The Evolution of Performance
The Evolution Of Performance
There’s no denying that modern film acting is vastly different to the acting seen during the Golden Age of Hollywood. Compare any modern film against those made in the 1930s, 1940s or earlier and you can see a huge shift in the ‘realness’ of the acting.
Why is this? Is it down to a difference in technique, culture, medium or something else?
To better understand the progression of acting, it’s necessary to better understand the history behind it.
Let’s take a look.
Theatre And Stage
The earliest stage productions involving professional acting are thought to have begun in Italy during the 16th Century. However, acting has been around since as early as 534 BC in Greece.
Prior to the 16th Century European productions, actors were limited in their expression, using rhetorical speech and gestures to interpret the text for an audience. Gradually, the idea that a character could be an extension of the actor’s own personality or more elastic in their performance took hold.
While this personality may have been easy enough to demonstrate on stage, this did not readily transfer to the film industry.
As we know, early films were silent. This meant that to communicate the narrative, plot elements and emotion visually, the physicality of acting became more exaggerated. Facial features and body language became essential to portraying meaning to audiences.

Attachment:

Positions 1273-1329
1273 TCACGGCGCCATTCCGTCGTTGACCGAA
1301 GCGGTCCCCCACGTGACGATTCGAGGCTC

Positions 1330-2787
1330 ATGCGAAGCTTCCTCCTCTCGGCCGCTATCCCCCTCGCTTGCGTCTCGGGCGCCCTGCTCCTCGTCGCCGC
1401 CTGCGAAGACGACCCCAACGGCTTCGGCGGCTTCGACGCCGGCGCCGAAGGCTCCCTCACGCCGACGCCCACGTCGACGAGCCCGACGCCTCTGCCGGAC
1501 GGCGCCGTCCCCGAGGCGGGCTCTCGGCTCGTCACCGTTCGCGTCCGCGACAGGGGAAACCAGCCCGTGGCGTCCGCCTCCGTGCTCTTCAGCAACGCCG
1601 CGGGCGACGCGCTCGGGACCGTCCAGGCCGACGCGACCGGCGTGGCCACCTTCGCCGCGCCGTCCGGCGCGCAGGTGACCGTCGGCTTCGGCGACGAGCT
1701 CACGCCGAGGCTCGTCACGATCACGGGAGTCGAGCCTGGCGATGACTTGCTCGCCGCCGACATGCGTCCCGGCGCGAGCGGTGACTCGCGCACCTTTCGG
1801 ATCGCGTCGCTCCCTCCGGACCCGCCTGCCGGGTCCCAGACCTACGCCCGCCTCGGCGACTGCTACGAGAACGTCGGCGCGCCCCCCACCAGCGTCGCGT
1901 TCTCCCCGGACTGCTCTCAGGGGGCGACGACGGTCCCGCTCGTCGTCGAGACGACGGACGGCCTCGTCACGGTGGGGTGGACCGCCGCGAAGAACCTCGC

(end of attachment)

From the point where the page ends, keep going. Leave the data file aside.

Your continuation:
The melodramatic acting seen in silent films was often delivered by Vaudeville stage actors and was not always appreciated.
Director Marshall Neilan in 1917 actually declared “The sooner the stage people who have come into pictures get out, the better for the pictures.” A feeling that was beginning to be prevalent among viewers too who craved a more natural on-screen presence.
With the emergence of talkies, filmmaking quickly developed and the Golden Age of Hollywood began. However, naturalness in acting remained elusive. Why? There are a few reasons.
Many actors in this period shifted to screen from theatre. As we know facial expression plays a large role in theatre acting, whereas in screen acting vocal expression is more important than theatrics.